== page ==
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I'm under the impression "Nordic" should be capitalized when it's on its own, as it's a proper noun.

But should "Nordic" be capitalized when it's used in a compound, such as Nordic combined or Nordic walking, which aren't proper nouns?

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Nordic isn't used a noun in a phrase like "Nordic skiing", it's an adjective. One might call it a proper adjective and it's always capitalised.

OED has

Nordic [sic] adj.
1. Of or relating to Scandinavia, the Scandinavian people, or their languages.

Adjectives which are derived from proper nouns always retain their capitalisation, which is why Scandinavian is capitalised in the OED definition.

Having said "always", there are always exceptions to a rule! I know of only one apparently-proper word which should not be capitalised: english in a very specific sense of spin on a billiard-ball. Normally that's an adjective and should be capitalised; and english as a lower-case noun was probably derived from English anyway, so it wouldn't be a capital offence to spell it with an upper-case letter.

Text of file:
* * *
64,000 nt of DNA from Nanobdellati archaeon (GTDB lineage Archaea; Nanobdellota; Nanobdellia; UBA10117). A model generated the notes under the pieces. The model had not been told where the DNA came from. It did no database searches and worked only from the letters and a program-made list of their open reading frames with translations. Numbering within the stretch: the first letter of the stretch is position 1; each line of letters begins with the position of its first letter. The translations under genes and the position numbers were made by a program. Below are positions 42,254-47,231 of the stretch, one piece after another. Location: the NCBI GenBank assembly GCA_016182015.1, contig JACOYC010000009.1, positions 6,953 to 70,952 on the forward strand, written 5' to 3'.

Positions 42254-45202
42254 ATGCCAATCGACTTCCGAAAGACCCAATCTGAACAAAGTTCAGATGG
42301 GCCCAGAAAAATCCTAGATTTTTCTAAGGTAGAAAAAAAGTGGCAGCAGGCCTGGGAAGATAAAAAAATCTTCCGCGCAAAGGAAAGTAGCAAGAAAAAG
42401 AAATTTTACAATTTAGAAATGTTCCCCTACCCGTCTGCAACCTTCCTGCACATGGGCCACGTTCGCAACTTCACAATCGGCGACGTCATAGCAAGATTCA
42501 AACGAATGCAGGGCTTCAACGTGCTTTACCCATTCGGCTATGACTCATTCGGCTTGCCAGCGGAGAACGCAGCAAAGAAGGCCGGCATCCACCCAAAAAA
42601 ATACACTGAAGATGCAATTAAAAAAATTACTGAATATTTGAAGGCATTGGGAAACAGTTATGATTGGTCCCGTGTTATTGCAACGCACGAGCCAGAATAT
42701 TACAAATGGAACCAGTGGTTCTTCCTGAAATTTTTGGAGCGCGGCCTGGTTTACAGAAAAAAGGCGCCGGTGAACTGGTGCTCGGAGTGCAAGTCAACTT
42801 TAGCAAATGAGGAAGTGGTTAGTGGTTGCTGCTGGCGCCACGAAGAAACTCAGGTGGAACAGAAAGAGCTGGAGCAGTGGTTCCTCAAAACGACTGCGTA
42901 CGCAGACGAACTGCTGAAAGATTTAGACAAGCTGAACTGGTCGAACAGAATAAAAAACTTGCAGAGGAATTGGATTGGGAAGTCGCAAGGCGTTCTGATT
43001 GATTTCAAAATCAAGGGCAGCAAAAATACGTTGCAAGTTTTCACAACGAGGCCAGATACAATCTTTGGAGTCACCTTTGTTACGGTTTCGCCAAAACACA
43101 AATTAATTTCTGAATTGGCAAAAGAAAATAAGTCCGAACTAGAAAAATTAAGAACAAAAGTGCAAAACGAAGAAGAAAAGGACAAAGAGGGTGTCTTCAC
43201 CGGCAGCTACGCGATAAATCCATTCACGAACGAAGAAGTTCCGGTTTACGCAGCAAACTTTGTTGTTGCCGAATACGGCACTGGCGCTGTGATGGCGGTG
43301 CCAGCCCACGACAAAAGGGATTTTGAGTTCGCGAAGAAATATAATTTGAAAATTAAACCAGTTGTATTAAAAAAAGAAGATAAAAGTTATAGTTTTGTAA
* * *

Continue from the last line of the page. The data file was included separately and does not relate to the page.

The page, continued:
• Andrew, I'm happy to hear from you here on ELL! Please, stay with us more often, we are building a great resource for ESL persons. +1 and thank you. – user114 Sep 22 '13 at 10:40
  • I am intrigued by your "English on the ball" example. I did some research and found instances of both "english on the ball" and "English on the ball", but books seem to favor the latter. Then I also found this gem, which confounds the issue even more: "Back home four days later .. they put some English on the ball in the form of 6'8" Forward Alex English, who had 22 points and 14 rebounds." – J.R. Sep 22 '13 at 10:43
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    @J.R. There's nothing like a good pun, is there? – Andrew Leach Sep 22 '13 at 10:48
  • As a side note for anyone else who may have found this fascinating to ponder, I found this entry in a dictionary on slang. – J.R. Sep 22 '13 at 10:56
  • @AndrewLeach and that was nothing like a good pun! (Joking, it was a good pun) – Andrew Grimm Sep 22 '13 at 12:24

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